As Palestinians we must also say “mea culpa” and take some responsibility for the state of affairs. We Arabs and Palestinians have been the victims of western imperial and Zionist designs and colonization for 100 years. Yes, most of our problems could be directly connected to that. But yes also, some of our “leaders” have been less than desirable to say it charitably (this applies to other Arabs). And our leaders do originate from among us so we must work on that. But we must be clear that our societal weaknesses do not justify or excuse the slaughter or ethnic cleansing of our people. In 1948 we did not have good leaders because they were all massacred and exiled in the 1936-1939 uprising but even if we did, this does not justify our ethnic cleansing or dispossession at the hand of Zionists who had well-organized and strong leadership (Ben Gurion). The slaughter of the Warsaw Ghetto during WWII similarly cannot be said to be justified by weak Jewish leadership and strong Nazi leadership. History is not kind to aggressors and in this case history will be written differently. An army that shells a market place causing this kind of destruction will not be successful at surviving any more than any other fascist army in history (see the graphic video of the minutes after the Israeli attack on the marketplace in Gaza at: http://muslimtv.magnify.net/video/ISRAEL-CARNAGE-CIVILIANS-CHILDR ).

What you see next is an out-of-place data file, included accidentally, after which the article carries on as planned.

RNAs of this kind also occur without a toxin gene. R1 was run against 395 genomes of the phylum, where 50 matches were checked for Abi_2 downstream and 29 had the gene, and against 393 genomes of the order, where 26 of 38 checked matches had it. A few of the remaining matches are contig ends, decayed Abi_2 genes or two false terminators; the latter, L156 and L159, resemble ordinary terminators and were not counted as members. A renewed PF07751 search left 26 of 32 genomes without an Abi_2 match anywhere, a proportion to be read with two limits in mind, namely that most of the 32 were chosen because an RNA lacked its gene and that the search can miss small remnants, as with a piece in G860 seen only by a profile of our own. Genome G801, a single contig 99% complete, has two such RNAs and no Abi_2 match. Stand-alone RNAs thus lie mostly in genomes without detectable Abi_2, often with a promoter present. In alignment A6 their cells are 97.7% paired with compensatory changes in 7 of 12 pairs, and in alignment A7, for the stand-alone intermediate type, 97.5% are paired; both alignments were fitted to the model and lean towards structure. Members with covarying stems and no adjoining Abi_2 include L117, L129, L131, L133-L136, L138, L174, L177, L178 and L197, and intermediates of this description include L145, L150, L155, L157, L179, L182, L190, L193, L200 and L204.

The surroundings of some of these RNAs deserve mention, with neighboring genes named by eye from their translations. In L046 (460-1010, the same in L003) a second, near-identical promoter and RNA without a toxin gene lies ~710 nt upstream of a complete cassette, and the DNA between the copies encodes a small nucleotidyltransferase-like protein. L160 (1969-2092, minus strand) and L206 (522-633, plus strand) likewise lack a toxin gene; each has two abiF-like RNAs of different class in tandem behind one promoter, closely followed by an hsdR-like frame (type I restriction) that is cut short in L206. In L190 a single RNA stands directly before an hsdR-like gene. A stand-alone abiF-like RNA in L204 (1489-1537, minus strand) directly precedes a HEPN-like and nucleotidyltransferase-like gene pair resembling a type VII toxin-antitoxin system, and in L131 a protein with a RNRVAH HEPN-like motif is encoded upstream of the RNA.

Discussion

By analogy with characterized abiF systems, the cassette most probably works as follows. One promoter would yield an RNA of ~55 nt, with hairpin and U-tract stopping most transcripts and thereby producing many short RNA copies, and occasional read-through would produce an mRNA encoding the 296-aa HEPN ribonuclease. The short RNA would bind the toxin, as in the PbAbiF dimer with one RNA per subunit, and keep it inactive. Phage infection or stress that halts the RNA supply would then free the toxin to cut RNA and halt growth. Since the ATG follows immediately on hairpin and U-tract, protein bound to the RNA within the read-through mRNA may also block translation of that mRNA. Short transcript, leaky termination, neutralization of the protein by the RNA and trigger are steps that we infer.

Need we be reminded of the terrorist actions of Zionist groups like the Hagannah, the Irgun, and Stern (all forerunners of the current Israeli terrorist army). Over 2000 attacks on Palestinian civilians killing over 15,000 occurred before Israel was declared a state. In the six weeks that preceded declaring Israel a state, 33 massacres were committed by the prestate Jewish forces including the famous massacres of Tantura and Deir Yassin.